Toward active x-ray telescopes II. / O'Dell, Stephen L.; Aldcroft, Thomas L.; Atkins, Carolyn; Button, Timothy W.; Cotroneo, Vincenzo; Davis, William N.; Doel, Peter; Feldman, Charlotte H.; Freeman, Mark D.; Gubarev, Mikhail V.; Johnson-Wilke, Raegan L.; Kolodziejczak, Jeffery J.; Lillie, Charles F.; Michette, Alan G.; Ramsey, Brian D.; Reid, Paul B.; Sanmartin, Daniel Rodriguez; Saha, Timo T.; Schwartz, Daniel A.; Trolier-McKinstry, Susan E.; Ulmer, Melville P.; Wilke, Rudeger H.T.; Willingale, Richard; Zhang, William W.

Adaptive X-Ray Optics II. 2012. 850307 (Proceedings of SPIE - The International Society for Optical Engineering; Vol. 8503).

Research output: Chapter in Book/Report/Conference proceedingConference contribution

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AU - O'Dell, Stephen L.

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AU - Davis, William N.

AU - Doel, Peter

AU - Feldman, Charlotte H.

AU - Freeman, Mark D.

AU - Gubarev, Mikhail V.

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AU - Kolodziejczak, Jeffery J.

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AU - Michette, Alan G.

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AU - Reid, Paul B.

AU - Sanmartin, Daniel Rodriguez

AU - Saha, Timo T.

AU - Schwartz, Daniel A.

AU - Trolier-McKinstry, Susan E.

AU - Ulmer, Melville P.

AU - Wilke, Rudeger H.T.

AU - Willingale, Richard

AU - Zhang, William W.

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N2 - In the half century since the initial discovery of an astronomical (non-solar) x-ray source, the observation time required to achieve a given sensitivity has decreased by eight orders of magnitude. Largely responsible for this dramatic progress has been the refinement of the (grazing-incidence) focusing x-ray telescope, culminating with the exquisite subarcsecond imaging performance of the Chandra X-ray Observatory. The future of x-ray astronomy relies upon the development of x-ray telescopes with larger aperture areas (> 1 m2) and comparable or finer angular resolution (< 1″). Combined with the special requirements of grazing-incidence optics, the mass and envelope constraints of space-borne telescopes render such advances technologically challenging-requiring precision fabrication, alignment, and assembly of large areas (> 200 m2) of lightweight (≈ 1 kg m-2 areal density) mirrors. Achieving precise and stable alignment and figure control may entail active (in-space adjustable) x-ray optics. This paper discusses relevant programmatic and technological issues and summarizes current progress toward active x-ray telescopes.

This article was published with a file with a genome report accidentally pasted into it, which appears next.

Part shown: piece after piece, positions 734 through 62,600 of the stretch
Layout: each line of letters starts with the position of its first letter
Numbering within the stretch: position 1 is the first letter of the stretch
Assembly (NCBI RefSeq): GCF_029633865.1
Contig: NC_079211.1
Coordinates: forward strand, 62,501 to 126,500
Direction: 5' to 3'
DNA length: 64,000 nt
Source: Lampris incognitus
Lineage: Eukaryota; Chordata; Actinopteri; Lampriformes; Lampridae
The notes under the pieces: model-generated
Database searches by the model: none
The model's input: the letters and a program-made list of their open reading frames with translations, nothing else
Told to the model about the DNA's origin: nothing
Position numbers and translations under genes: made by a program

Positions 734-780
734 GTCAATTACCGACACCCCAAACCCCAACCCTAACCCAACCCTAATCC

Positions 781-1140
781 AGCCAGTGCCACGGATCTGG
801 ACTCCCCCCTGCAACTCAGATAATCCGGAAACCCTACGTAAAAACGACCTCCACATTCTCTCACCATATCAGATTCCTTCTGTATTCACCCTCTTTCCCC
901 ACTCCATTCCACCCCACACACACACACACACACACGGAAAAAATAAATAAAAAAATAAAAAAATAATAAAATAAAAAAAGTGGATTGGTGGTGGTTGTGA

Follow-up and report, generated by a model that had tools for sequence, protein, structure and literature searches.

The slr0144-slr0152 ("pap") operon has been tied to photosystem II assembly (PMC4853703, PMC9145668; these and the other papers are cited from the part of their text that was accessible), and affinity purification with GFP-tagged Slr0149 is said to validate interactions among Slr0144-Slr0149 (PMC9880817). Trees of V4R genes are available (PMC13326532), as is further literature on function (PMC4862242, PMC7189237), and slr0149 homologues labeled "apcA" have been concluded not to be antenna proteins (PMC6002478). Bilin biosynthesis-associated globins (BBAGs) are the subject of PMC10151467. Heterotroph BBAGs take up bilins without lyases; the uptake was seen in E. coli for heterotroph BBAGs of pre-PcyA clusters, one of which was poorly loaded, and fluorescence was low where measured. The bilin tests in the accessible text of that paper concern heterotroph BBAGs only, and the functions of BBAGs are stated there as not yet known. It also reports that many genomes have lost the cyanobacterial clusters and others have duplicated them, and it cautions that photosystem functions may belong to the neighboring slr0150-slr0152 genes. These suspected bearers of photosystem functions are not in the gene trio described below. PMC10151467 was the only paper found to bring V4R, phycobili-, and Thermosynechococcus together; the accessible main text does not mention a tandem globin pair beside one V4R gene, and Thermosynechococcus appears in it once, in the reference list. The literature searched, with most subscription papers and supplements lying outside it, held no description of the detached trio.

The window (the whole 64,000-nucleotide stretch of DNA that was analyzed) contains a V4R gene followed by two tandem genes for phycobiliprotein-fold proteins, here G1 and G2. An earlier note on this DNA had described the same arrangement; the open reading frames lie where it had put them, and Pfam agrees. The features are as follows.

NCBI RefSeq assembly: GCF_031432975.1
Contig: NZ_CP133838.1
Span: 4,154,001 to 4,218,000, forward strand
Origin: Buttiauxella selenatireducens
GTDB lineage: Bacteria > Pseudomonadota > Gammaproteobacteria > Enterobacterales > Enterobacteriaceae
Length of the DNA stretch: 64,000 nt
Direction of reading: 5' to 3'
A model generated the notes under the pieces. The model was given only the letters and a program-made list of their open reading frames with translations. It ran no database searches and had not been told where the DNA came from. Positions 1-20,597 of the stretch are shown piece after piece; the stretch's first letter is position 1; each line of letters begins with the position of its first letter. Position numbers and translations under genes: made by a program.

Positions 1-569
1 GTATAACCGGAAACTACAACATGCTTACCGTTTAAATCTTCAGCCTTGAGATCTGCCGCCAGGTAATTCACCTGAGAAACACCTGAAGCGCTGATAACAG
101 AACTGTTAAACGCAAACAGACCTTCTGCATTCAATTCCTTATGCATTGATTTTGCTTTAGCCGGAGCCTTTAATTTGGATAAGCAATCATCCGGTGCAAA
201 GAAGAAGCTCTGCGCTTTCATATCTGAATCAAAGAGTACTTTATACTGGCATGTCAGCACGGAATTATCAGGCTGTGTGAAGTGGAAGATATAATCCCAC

AB - In the half century since the initial discovery of an astronomical (non-solar) x-ray source, the observation time required to achieve a given sensitivity has decreased by eight orders of magnitude. Largely responsible for this dramatic progress has been the refinement of the (grazing-incidence) focusing x-ray telescope, culminating with the exquisite subarcsecond imaging performance of the Chandra X-ray Observatory. The future of x-ray astronomy relies upon the development of x-ray telescopes with larger aperture areas (> 1 m2) and comparable or finer angular resolution (< 1″). Combined with the special requirements of grazing-incidence optics, the mass and envelope constraints of space-borne telescopes render such advances technologically challenging-requiring precision fabrication, alignment, and assembly of large areas (> 200 m2) of lightweight (≈ 1 kg m-2 areal density) mirrors. Achieving precise and stable alignment and figure control may entail active (in-space adjustable) x-ray optics. This paper discusses relevant programmatic and technological issues and summarizes current progress toward active x-ray telescopes.

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O'Dell SL, Aldcroft TL, Atkins C, Button TW, Cotroneo V, Davis WN et al. Toward active x-ray telescopes II. In Adaptive X-Ray Optics II. 2012. 850307. (Proceedings of SPIE - The International Society for Optical Engineering). https://doi.org/10.1117/12.930090